The great McGill scientist Donald Hebb, often considered the father of modern neuroscience, was asked his opinion whether “nature” (the genome) or “nurture” (the environment) contributed more to individual differences in human behaviour. He replied that this question was akin to asking what contributed more to the area of a rectangle – the length or the width! For Hebb, and many others in biology, variation in phenotype emerges as the constant interaction between environmental signals and genomic transcription. However, a fundamental issue is that of describing the nature of such gene ⨯ environment interactions: what biological processes define the “⨯”? This question is of particular importance for the study of development, where early experience commonly exerts lasting effects at the level of genomic transcription and complex phenotypes. Such effects can form stable individual differences in health and capacity over the lifespan.

The compelling challenge in the study of the gene ⨯ environment interactions that shape phenotypic variation is that of understanding the biological basis by which environmental signals produce an enduring effect on genomic structure and function, and thus on phenotype.This issue lies at the heart of the study of the effects of early experience and of developmental influences on phenotypic variation. It is this issue that forms the major focus for our research.

Our studies focus, in part, on rodent models that examine the effects of environmental conditions during postnatal development. In particular, we study the influence of naturally-occurring variations in maternal behaviour (see attached video link), with a focus on differences in pup licking/grooming behaviour. Our findings suggest that variations in the frequency of pup licking affect reproductive, metabolic, as well as cognitive-emotional development, with effects persisting into adulthood. These effects are in part or completely reversed by cross-fostering the offspring of high and low licking/grooming mothers. The findings suggest a direct effect of maternal care.

The results of studies from our lab and several others show that variations in the quality of mother – offspring interactions stably alter gene transcription, including regions that code for proteins implicated with brain development and function, reproduction and metabolism. We thus focused on the issue of how an environmental signal might stably affect transcription of the genome. We proposed an environmental epigenetics hypothesis, which suggests that biologically-relevant environmental signals alter the activity of intra-cellular signaling pathways, including signals that interact directly with chromatin and regulate chromatin structure. Alterations in chromatin structure and active transcription might then provide an opportunity for epigenetic modifications that would then be directly linked to the environmental signal. Epigenetics refers to chemical modifications of chromatin, including both the histone proteins and the DNA, which subsequently influence the probability of transcription factor binding and transcriptional activation.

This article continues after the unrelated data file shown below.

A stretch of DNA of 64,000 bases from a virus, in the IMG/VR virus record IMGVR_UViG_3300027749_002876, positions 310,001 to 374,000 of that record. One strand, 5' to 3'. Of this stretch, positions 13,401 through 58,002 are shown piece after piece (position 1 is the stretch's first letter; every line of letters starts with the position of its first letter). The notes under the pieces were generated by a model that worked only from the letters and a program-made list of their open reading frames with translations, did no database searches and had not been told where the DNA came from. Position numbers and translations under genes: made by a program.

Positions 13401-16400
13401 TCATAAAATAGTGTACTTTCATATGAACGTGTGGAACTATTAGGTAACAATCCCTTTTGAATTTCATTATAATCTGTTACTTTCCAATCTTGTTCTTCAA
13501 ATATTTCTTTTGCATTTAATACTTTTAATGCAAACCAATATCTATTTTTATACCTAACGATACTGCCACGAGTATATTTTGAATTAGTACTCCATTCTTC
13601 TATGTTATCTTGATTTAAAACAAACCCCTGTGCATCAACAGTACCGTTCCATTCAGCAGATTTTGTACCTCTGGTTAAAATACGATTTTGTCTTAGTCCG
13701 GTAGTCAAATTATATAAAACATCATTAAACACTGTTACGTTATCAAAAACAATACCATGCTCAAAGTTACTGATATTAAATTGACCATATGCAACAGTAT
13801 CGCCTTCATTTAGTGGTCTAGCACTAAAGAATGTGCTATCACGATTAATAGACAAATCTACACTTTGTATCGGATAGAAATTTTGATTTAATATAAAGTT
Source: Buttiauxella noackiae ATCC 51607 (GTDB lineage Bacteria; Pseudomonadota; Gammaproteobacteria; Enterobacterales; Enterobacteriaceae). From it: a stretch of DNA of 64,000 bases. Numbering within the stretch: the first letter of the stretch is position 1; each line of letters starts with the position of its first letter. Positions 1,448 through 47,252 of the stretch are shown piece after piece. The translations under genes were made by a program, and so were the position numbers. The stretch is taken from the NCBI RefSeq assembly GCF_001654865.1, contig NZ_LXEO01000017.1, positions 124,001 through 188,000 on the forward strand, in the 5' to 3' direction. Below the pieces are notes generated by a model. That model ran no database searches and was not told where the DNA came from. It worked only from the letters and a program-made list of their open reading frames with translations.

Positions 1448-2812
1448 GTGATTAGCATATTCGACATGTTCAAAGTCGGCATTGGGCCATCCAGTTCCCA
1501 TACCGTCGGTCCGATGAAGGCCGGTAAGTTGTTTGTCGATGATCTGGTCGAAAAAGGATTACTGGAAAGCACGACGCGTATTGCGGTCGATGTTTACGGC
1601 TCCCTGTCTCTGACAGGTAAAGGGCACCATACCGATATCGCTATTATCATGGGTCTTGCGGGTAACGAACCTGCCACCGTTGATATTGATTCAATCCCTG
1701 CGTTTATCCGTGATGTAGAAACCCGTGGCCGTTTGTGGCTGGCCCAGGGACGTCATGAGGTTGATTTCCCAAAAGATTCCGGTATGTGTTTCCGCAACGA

The current studies in our lab focus on studies using a variety of approaches, each with the intent of establishing the relation between clinically-relevant environmental conditions (i.e., those that predict the quality of health and capacity) and the epigenome, as well as the functional importance of the resulting epigenetic variation for phenotype. Our current research projects, including those with both human and nonhuman models, are summarized under “Research”. We list current research protocols for a variety of studies under the heading “Protocols”. Readers are referred to the links for the Maternal Adversity, Vulnerability and Neurodevelopment website for a summary of the birth cohort study based at the Douglas as well as to the website for the Ludmer Centre for Neuroinformatics and Mental Health, which refers to a new initiative at McGill that will address the computational challenges associated with the integration of genome-wide genetic and epigenetic analyses, neuroimaging and phenotyping datasets in the service of understanding the origins of mental disorders.